The Australian National University vice-chancellor has defended the decision to buy a $17 million block of land from the ACT government despite suffering the impact of COVID-19 worse than other universities and hundreds of job cuts.
ANU bought two sites in the city last April, including a bus layover site on Marcus Clarke Street. The ACT government allowed the payment to be deferred 12 months due to the pandemic.
"While we could have potentially reneged on our commitment, that piece of land - which will be irreplaceable to the future ANU - would be forever lost if we had not done so," vice-chancellor Brian Schmidt told staff and students late Friday.
Professor Schmidt said ANU was hit harder financially than most universities because it decreased student intake in 2020 while other institutions increased numbers to boost revenue.
Professor Schmidt said the university could borrow money for capital expenditure such as the land deal, but couldn't for operating costs, including salaries.
"We have to be careful we do not need to borrow too much money such that we cripple the university through its repayment, but we also need to ensure we don't make decisions that cripple ANU by not investing in the things that allow us to be a great university in the future."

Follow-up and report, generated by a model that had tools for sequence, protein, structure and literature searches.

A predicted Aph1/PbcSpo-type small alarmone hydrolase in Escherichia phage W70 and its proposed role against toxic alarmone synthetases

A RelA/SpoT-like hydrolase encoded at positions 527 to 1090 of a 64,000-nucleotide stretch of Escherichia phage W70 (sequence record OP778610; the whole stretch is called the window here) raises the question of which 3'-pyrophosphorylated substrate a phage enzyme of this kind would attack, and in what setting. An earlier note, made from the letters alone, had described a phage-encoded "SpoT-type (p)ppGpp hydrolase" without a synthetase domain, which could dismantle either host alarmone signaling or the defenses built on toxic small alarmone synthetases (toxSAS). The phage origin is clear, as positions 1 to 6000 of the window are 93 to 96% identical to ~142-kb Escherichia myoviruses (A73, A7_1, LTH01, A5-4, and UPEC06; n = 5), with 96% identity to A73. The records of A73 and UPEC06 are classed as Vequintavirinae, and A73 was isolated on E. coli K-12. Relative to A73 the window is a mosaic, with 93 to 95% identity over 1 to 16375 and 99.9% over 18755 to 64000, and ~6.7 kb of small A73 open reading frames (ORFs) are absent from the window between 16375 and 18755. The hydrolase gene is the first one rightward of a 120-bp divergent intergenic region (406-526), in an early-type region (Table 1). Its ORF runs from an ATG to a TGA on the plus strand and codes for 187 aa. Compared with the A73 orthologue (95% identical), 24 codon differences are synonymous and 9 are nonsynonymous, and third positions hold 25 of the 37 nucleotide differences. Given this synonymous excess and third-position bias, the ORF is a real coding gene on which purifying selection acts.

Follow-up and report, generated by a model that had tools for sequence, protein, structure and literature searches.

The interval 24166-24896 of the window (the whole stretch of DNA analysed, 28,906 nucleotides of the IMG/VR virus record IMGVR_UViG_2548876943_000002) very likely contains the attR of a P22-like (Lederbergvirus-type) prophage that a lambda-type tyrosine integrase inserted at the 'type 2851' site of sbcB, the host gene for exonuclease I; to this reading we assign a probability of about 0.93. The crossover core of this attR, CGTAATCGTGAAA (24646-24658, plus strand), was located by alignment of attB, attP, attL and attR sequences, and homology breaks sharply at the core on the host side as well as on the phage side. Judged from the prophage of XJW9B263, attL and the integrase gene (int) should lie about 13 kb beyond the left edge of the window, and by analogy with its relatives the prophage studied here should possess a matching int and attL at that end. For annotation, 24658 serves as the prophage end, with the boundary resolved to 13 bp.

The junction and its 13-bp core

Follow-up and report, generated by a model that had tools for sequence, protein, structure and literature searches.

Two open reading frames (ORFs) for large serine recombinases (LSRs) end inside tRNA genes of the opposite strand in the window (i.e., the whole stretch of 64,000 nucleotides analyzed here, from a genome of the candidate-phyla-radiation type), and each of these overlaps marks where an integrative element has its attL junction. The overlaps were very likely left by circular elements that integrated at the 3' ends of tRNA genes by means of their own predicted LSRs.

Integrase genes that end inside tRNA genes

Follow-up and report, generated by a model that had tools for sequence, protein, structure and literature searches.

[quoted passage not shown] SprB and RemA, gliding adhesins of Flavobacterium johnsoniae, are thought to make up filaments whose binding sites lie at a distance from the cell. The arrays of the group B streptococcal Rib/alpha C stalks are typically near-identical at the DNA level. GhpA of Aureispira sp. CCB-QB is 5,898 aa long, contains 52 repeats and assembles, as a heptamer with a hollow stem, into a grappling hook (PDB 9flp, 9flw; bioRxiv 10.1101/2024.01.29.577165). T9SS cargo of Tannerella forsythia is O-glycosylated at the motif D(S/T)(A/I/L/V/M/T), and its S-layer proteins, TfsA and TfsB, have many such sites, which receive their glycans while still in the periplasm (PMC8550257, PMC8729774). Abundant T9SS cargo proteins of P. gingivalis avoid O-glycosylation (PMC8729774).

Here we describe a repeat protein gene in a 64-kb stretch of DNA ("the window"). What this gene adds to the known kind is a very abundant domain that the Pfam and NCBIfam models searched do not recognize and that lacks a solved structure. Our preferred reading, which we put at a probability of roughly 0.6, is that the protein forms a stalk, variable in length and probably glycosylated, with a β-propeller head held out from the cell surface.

Prof Schmidt said the land was very important and ANU was looking at how to make money from it.
"Similar things might come up in the future, but you'll not see me making decisions to sacrifice jobs for capital expenditure," he said.
The National Tertiary Education Union slammed the decision after hundreds of jobs were lost and wages cut as a result of the pandemic.
ANU branch president Simon Copland said it made a "mockery of the claim that job cuts were required to save the university from a financial crisis".
"The National Tertiary Education Union has been calling for financial transparency from ANU since management announced cuts to pay rises under the Enterprise Bargaining Agreement, then cuts to 465 staff positions during the middle of COVID-19," he said.
"ANU has repeatedly claimed they are carrying out an 'extensive consultation processes' with staff and the union. But this is the first time most staff are hearing about the purchase."
City Renewal Authority chief executive Malcolm Snow told estimates last week ANU planned to include a residential component on the site.
The hearing heard it would initially be used as a "temporary urban park" but plans had stalled.
ANU did not provide further detail about site plans when asked last week.
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